Covid-19 lockdown shows no mercy to Vietnam's poor

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Covid-19 lockdown shows no mercy to Vietnam's poorChurch charity extends a helping hand to Ho Chi Minh City's underprivileged communities.

With a mask on his face, Ho Minh Hoang desperately showed a book of raffle tickets to passersby. The 52-year-old street vendor, who is paralyzed in both legs, wipes sweat from his brow as he sits in a wheelchair. He has sold lottery tickets for a living for 20 years since his parents died.

“Few people buy tickets as they are afraid of becoming infected with the coronavirus,” he said. He usually earns about 200,000 dong (US$8.60) a day selling lottery tickets.

“Today is the last day I can sell tickets as the government will shut down lottery ticket companies for two weeks,” he told UCA News.

Vietnam's Prime Minister Nguyen Xuan Phuc asked lottery ticket companies to suspend services for 15 days starting on April 1 to prevent the spread of the virus.

Few people venture out of their homes in Ho Chi Minh City due to the government’s social distancing campaign to stem the pandemic.

Hoang said many lottery ticket sellers had returned to their home provinces because they have no money to cover their daily needs in the city.

“I am illiterate and have a physical disability and I do not know how to overcome these difficult times,” said Hoang, who lives with 30 relatives in a 56-square-meter shelter.

Nguyen Van Dung, a motorcycle taxi driver, said his income has dropped sharply since the viral outbreak hit the city in February. He said people limit their travel and work from home after all the schools and shops were closed, so there are few passengers.

“This morning I earned no money. How can I pay the rent?” the 54-year-old father of one told UCA News, adding that in the past he earned 400,000 dong a day transporting people and goods.

“We plan to return to our home in Binh Dinh province by motorbike and stay there until the pandemic ends to avoid high expenses in the city,” said Dung.

Unemployment set to surge

Lottery ticket sellers include old and disabled people and those who have jobs and are homeless. Many are from other provinces. There is no official record of the number of ticket vendors in the country’s largest city.

The ministry of labor, war invalids and social affairs estimates up to 1.32 million people will suffer a reduction of working hours or lose their jobs due to the pandemic.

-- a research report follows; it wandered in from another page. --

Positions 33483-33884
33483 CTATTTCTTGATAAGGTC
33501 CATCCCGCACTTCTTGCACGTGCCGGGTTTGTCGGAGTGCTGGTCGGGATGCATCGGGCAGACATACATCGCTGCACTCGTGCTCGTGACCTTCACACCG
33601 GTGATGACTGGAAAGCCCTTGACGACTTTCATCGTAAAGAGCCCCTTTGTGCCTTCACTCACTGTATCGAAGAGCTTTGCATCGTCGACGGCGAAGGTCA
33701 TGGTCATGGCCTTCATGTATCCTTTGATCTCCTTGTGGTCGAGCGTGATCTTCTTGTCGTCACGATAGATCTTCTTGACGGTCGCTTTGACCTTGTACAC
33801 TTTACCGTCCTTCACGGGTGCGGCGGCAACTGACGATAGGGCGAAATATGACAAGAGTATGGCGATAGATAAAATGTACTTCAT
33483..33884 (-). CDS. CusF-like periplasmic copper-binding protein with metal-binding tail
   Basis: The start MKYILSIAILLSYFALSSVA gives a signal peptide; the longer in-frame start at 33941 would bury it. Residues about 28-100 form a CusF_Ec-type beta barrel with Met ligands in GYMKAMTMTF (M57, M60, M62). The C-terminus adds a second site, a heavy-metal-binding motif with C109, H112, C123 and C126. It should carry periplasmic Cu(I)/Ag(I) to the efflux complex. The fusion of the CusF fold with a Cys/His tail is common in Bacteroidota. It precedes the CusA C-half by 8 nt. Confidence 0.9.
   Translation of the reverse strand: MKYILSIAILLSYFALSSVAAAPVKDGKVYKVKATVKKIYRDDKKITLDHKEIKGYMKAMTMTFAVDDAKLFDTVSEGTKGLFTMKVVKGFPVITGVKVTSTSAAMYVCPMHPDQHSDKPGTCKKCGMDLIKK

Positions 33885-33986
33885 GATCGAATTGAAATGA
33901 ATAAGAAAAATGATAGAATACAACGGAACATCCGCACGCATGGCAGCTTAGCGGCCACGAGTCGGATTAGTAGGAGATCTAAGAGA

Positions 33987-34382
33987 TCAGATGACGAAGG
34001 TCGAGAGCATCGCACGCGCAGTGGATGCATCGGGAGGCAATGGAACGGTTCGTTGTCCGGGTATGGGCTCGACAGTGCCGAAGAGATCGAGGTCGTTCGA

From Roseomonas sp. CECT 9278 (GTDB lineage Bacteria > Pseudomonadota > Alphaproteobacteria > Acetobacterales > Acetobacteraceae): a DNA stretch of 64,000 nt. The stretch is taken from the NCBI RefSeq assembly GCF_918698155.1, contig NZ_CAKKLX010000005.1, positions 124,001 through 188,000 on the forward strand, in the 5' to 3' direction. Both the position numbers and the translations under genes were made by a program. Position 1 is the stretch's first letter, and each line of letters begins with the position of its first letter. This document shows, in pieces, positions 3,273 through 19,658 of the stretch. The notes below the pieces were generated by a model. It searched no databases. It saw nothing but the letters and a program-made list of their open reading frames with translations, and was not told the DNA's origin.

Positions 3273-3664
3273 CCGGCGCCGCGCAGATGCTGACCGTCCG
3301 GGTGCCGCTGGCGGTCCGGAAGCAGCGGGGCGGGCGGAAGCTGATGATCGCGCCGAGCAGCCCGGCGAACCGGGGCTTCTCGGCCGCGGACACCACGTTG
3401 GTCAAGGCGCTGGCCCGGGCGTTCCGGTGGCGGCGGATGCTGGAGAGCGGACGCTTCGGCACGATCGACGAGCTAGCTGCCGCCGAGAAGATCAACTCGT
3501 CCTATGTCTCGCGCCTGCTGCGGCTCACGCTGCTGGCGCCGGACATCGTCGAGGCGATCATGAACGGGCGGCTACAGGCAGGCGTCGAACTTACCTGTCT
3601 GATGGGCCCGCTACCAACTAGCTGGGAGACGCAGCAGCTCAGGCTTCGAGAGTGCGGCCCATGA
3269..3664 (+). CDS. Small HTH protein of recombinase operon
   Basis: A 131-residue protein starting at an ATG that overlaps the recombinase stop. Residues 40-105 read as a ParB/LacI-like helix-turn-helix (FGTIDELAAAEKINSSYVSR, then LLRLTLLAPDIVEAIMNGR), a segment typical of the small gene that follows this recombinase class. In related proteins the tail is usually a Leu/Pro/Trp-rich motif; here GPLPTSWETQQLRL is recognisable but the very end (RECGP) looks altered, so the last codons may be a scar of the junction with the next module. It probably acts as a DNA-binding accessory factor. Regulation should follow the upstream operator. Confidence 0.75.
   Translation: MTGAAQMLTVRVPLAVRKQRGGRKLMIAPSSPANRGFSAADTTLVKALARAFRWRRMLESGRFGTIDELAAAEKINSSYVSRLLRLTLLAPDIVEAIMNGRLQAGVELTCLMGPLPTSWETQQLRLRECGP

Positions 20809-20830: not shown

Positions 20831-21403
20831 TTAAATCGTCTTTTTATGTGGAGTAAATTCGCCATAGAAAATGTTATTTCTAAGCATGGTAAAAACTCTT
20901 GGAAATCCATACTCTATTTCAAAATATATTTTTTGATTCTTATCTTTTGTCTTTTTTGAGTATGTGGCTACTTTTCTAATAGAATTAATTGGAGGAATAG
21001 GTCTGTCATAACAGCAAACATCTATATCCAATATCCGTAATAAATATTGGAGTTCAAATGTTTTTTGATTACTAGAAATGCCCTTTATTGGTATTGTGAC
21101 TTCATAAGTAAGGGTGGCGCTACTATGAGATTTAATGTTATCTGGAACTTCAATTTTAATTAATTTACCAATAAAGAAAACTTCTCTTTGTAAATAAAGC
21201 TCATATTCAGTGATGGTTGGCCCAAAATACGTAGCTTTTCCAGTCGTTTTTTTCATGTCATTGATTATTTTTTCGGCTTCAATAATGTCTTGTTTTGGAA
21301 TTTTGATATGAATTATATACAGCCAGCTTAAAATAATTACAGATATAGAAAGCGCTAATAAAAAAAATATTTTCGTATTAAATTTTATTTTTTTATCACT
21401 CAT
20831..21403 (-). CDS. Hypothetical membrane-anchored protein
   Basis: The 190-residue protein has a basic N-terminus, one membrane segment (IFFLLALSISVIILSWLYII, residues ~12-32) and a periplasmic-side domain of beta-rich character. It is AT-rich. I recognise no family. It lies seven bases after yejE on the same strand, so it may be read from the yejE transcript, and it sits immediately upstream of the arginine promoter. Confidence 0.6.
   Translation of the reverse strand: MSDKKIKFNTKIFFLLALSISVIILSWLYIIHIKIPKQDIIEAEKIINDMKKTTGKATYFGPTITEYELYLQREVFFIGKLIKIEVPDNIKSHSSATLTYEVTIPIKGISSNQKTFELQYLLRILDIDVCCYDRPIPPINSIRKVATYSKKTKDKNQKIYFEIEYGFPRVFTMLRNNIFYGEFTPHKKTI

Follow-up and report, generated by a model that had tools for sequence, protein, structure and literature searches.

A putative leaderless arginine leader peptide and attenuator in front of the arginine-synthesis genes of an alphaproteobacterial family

More than 47,000 people applied for the dole in February and unemployment figures are expected to surge in the coming months.

Nguyen Thanh Phong, chairman of the People’s Committee of Ho Chi Minh City, said the government will offer material support to lottery ticket sellers who have to stop work for two weeks due to the pandemic.

“They earn their daily bread by selling tickets and many of them have to send money home to support their families. We have to help them,” he said at a meeting.

On March 31, Father Vincent Vu Ngoc Dong, head of Caritas in Ho Chi Minh City Archdiocese, said lottery ticket sellers and street food vendors as well as those who collect used items will face enormous difficulties earning a living during the Covid-19 pandemic. Caritas will provide aid during these difficult times.

“We will offer them 50,000 dong a day for two weeks as a way to show Christian solidarity with them,” said Father Dong.

He called on parish priests to identify people who need help and donations from Caritas from April 2-4.

Archbishop Joseph Nguyen Nang of Ho Chi Minh City said he is concerned about daily wage earners as non-essential services in the city have been closed to contain the spread of the coronavirus.

He said local benefactors had agreed to supply 5,000 food servings per day to those in need and the project will start this weekend. He hopes other benefactors will join the project.

The prelate said the city is home to millions of workers, so landlords should allow their tenants to delay rent payments or offer one month’s accommodation for free. They should also provide free power, water and even daily food.

“All those who have comfortable lives should help those in need to overcome these difficult times when we should spread Christian love, charity and generosity in society,” he said.